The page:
For decades, the town grappled with the question of what to do with a small parking lot above the Lincoln Tunnel in Hell’s Kitchen ‘Slaughterhouse,’ its informal name honoring the main hub of local butchers there. in the past.
On Monday, it seemed like all parties were drawing a step closer to the answer when the city’s Economic Development Corporation announced that the Manhattan Borough Board had approved a double-skyscraper plan for 495 11th Ave. which would bring hundreds of new affordable housing units to the community, including a hotel, offices and even a supermarket.
This was the last bureaucratic hurdle EDC crossed to gain approval for the project, which will be developed by Radson Development and Kingspoint Heights. The Ministry of Buildings and the Public Design Commission have yet to approve the project before the ground is thrown, but the EDC predicted that could happen sometime in 2022.
The 350 housing units of the two skyscrapers, of 55 and 56 floors, will be 100% affordable and permanent housing, the EDC noted. Approximately 75 of the units will be provided to formerly homeless individuals and families as supportive housing units, where residents will receive various health and social services from the Center for Urban Community Services.
“This project will provide essential affordable housing and services to some of our most vulnerable New Yorkers, and strengthen the business and tourism sectors, which are critical to the city’s economy and recovery from the crisis. COVID, ”EDC President and CEO Rachel Loeb said.
The slaughterhouse site was once the home of the New York Butchers’ Dressed Meat Company, a six-story building that served for years as a last stop for cattle on their way to the slaughterhouse and then to the meat markets around the city . The company ceased operations in the 1970s and the city took title to the building in 1978 due to non-payment of property taxes.
For the next four decades, the location remained in a state of uncertainty.
First, the Economic Development Corporation attempted to turn the slaughterhouse into office space in the 1980s, but that plan failed after the building was deemed structurally unhealthy.
In 1993, the city demolished the structure, and after 18 months the site was converted into a parking lot for the NYPD.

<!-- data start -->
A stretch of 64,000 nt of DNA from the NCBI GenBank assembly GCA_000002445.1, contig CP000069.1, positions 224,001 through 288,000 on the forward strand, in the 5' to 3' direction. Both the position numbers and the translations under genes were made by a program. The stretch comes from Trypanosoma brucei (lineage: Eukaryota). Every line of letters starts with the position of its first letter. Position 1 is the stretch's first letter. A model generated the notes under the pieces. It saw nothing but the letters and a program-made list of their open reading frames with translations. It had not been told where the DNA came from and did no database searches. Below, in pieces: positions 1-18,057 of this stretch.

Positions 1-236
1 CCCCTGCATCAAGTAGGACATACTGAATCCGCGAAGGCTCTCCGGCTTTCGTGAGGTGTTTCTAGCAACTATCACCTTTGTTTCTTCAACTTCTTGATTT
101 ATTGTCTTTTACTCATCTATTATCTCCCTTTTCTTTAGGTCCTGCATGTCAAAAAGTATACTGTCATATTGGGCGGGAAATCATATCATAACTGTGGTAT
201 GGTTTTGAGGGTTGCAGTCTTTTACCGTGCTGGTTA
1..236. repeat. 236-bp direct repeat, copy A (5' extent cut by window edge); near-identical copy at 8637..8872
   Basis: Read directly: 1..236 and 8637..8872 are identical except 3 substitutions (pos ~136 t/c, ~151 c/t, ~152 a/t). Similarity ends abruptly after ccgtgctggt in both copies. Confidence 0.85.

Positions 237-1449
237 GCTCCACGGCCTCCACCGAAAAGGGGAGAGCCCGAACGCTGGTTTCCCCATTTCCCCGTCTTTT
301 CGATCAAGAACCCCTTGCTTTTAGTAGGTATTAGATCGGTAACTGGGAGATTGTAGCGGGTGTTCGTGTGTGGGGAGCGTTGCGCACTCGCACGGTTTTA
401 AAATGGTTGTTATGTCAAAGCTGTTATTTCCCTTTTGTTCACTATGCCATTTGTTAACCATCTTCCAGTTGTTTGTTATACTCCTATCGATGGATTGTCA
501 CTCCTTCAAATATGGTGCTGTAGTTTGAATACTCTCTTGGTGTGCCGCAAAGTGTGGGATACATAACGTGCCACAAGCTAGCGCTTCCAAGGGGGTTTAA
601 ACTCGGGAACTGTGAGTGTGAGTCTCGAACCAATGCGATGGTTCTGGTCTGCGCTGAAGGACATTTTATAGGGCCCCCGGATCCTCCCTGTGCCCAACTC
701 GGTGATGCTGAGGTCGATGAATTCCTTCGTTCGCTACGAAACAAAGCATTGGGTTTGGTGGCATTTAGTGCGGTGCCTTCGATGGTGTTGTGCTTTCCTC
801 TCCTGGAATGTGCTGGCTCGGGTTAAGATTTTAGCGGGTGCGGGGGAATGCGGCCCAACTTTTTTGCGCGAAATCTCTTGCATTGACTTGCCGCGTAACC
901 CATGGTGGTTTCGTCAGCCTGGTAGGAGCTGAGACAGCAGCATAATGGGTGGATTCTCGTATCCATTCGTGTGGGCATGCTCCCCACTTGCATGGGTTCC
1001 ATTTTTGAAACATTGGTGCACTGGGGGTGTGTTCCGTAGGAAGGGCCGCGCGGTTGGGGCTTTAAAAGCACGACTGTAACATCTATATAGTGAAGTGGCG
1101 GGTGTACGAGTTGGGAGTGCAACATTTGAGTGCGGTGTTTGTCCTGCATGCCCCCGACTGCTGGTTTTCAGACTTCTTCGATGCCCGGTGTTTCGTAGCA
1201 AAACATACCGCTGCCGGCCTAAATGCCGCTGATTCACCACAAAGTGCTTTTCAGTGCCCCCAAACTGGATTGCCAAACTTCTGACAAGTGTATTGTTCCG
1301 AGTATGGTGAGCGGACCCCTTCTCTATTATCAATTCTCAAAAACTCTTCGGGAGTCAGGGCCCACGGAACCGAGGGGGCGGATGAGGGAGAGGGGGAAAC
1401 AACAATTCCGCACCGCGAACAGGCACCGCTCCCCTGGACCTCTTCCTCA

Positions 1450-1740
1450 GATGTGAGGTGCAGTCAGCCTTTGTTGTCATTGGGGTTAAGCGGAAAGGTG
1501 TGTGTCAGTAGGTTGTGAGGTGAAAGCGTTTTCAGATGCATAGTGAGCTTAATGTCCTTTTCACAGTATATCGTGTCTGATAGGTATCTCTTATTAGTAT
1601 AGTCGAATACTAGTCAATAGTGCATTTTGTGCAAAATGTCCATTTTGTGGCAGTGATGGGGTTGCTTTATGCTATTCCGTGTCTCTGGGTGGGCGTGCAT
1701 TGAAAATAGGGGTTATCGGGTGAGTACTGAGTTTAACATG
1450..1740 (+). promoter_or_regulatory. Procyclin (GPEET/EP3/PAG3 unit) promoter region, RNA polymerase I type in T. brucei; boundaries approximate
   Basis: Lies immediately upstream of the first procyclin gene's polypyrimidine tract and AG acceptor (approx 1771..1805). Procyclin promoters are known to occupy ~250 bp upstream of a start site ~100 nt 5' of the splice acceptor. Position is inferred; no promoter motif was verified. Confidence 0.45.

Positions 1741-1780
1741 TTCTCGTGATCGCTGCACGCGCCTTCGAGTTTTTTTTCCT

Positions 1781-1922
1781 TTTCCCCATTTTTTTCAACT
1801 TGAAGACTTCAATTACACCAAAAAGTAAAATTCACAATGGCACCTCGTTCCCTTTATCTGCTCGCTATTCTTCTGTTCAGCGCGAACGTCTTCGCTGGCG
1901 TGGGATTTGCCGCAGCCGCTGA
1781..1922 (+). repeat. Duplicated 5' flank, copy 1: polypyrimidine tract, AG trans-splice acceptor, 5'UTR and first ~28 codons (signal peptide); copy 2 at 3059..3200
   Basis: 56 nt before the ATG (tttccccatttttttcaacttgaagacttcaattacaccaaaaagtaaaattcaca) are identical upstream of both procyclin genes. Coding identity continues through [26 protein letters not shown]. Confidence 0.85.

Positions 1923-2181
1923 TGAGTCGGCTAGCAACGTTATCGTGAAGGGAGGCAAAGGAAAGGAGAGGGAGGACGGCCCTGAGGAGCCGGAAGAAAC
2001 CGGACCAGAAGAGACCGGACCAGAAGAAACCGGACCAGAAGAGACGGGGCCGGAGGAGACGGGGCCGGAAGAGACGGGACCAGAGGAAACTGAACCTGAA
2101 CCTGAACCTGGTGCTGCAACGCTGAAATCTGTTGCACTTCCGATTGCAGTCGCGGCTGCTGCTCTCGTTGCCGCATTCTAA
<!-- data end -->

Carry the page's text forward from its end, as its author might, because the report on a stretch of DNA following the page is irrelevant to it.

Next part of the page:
Over the past decade, the city has sought to redevelop the site as well as other underutilized locations in the nearby Hudson Yards. In 2015, at the request of the Manhattan Community Board 4, EDC issued a request for proposals to redevelop the Slaughterhouse site.
The final plan, agreed upon after nearly six years of feuds between EDC, Community Board 4, City Council Chairman Corey Johnson, Manhattan Borough President Gale Brewer, and others, led to the double plan. skyscrapers that will create around 2,540 construction jobs and 641 permanent jobs. works.
“Manhattan Community Board 4 identified the Slaughterhouse site for permanent affordable housing with a range of income in 2009 and, after more than a decade of advocacy, we are confident the project will result in 100% permanent affordable housing including the community. desperately needed. Said Council 4 Chairman Lowell D. Kern.
EDC says the developers have agreed to hire locally, making deals with two local unions: 32BJ SEIU and the New York Hotel and Motel Trades Council.
“Radson Development and Kingspoint Heights are thrilled with this opportunity to bring a fully affordable residential building with support services to Hell’s Kitchen, as well as a new hotel and supermarket,” said Dan Rad of Radson Development. “We look forward to an ongoing partnership with the community as we build and rent this project.